The Emearld Warriors hosted the Mark Bingham Memorial Cup in 2008 and will host the Union Cup in 2019. The team and its members have also taken part in events such as the Dublin Pride Parade[22] and Mr Gay Ireland, with club member Barry Meegan who was asked by his team mates to represent the club, winning the competition in 2007 and raising money for HIV and AIDS related charities based in Dublin in the process.[23]

See also[edit]

References[edit]

  1. ^ Noel Noblett (4 April 2005). "Coming out to play". Irish Independent. Retrieved 19 January 2010. 
  2. ^ Howard Webster (16 October 2015). "'My rugby team is helping to break the stereotype that gay men don't play sports'". Irish Times. Retrieved 4 May 2017. 
  3. ^ "Politician denounces Belfast's first gay rugby team". Stuff.co.nz. 20 February 2008. Retrieved 19 January 2010. 
  4. ^ "Voluntary Groups". Johnny.ie. Retrieved 19 January 2010. [permanent dead link]
  5. ^ "Sporting warriors who are in the pink". Irish Independent. 13 January 2007. Retrieved 19 January 2010. 
  6. ^ Farrelly, Hugh (23 October 2009), "rugby likely to stay firmly in the closet", Irish Independent, retrieved 20 January 2010 
  7. ^ "Irish Sports Council Corporate Plan Submission". Gay and Lesbian Equality Network. August 2008. Archived from the original (Word document) on 21 July 2011. Retrieved 20 January 2010. 
  8. ^ "Ireland to Host Bingham Cup". IrishRugby.ie. 4 December 2006. Archived from the original on 21 November 2007. Retrieved 20 January 2010. 
  9. ^ "Gay Warriors aim to be top of the world". Dublin People. 12/06/2008. Archived from the original on 22 November 2008. Retrieved 18/01/10.  Check date values in: |access-date=, |date= (help)
  10. ^ Webster, Howard (4 April 2005), "Coming out to play", The Irish Times, retrieved 20 January 2010 
  11. ^ "Union Cup, London, May 2009". Manchester Village Spartans. Retrieved 20 January 2010. 
  12. ^ Madrid's Union Cup. "Union Cup 2017, competition results". Madrid's Union Cup. Retrieved 4 May 2017.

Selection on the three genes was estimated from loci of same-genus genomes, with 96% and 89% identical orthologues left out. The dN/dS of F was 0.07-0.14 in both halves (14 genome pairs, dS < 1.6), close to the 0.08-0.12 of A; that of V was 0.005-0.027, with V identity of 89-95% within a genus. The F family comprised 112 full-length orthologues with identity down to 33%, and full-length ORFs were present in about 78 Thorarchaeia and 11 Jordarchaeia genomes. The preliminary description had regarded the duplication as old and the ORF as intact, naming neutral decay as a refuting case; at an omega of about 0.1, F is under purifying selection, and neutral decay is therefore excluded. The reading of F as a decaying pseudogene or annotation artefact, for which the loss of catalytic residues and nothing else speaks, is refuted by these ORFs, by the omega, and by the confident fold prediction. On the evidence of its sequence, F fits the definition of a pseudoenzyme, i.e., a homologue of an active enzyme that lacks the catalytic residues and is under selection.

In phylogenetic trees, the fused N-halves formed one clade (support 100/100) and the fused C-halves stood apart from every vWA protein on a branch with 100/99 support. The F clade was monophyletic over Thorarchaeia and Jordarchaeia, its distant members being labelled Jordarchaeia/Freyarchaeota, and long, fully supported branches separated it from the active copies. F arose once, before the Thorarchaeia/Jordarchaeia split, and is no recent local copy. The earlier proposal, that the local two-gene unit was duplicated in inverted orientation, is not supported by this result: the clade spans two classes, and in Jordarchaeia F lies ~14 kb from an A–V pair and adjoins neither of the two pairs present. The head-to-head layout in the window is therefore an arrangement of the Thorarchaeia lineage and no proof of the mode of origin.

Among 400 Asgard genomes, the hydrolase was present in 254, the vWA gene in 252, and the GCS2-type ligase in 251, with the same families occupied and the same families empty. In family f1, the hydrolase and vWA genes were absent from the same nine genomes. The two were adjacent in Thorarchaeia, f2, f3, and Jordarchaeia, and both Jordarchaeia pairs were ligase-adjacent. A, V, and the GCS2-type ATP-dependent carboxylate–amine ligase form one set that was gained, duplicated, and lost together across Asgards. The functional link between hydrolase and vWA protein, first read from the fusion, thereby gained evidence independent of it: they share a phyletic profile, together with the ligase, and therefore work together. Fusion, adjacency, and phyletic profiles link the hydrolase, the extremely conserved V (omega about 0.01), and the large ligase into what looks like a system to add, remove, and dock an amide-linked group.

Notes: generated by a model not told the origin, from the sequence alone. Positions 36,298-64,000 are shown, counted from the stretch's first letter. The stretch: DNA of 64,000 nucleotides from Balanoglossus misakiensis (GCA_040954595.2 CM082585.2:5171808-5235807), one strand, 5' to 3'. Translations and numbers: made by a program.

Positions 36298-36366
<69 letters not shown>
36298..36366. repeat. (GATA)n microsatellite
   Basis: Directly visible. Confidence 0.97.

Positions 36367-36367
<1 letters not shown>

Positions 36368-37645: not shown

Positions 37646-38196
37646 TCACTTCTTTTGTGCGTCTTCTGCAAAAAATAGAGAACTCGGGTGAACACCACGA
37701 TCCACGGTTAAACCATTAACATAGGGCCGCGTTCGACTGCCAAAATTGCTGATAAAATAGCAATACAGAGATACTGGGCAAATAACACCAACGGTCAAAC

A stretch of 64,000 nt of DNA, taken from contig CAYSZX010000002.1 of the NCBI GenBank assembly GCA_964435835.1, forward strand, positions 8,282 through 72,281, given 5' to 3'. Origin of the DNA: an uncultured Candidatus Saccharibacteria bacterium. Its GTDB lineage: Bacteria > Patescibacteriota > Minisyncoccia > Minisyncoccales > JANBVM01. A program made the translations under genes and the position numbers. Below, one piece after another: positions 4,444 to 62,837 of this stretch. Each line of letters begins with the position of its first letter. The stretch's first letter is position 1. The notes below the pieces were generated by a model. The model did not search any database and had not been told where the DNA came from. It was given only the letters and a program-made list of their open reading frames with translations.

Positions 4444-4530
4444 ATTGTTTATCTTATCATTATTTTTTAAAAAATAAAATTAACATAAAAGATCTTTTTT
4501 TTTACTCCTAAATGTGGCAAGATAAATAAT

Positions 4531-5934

13. ^ %5b%5bEWRFC Facebook Page%5d%5d "Well done to all" Check |url= value (help). Retrieved 4 May 2017. 
  14. ^ %5b%5bWikipedia%5d%5d "Union Cup". Retrieved 4 May 2017. 
  15. ^ https://en.wikipedia.org/wiki/Union_Cup.  Missing or empty |title= (help)
  16. ^ "Emerald Warriors". Red and Grey Design. 29 January 2003. Archived from the original on 26 February 2010. Retrieved 20 January 2010. 
  17. ^ Kelleher, Lynne (31 March 2007), "Gay rugby team tries to kick clubbing image into touch", Irish Independent, retrieved 20 January 2010 
  18. ^ "QUEERING THE PITCH". Irish Film Institute. Archived from the original on 13 October 2007. Retrieved 20 January 2010. 
  19. ^ Horan, Niamh (22 July 2007), "Queering the rugby pitch against all odds", Irish Independent, retrieved 20 January 2010 
  20. ^ "LEMAN LEGAL UPDATE". Federation of Irish Sports. Archived from the original on 21 July 2011. Retrieved 20 January 2010. 
  21. ^ Fenelon, Larry (December 2009). "Discriminating tastes" (PDF). Law Society Gazette. p. 19. Retrieved 20 January 2010. 
  22. ^ Carbery, Genevieve (29 June 2009), "Dublin Pride celebrations soured by anger over Civil Partnership Bill", The Irish Times, retrieved 20 January 2010 
  23. ^ "Mr Gay Ireland". RTÉ Radio 1. Retrieved 20 January 2010. 

External links[edit]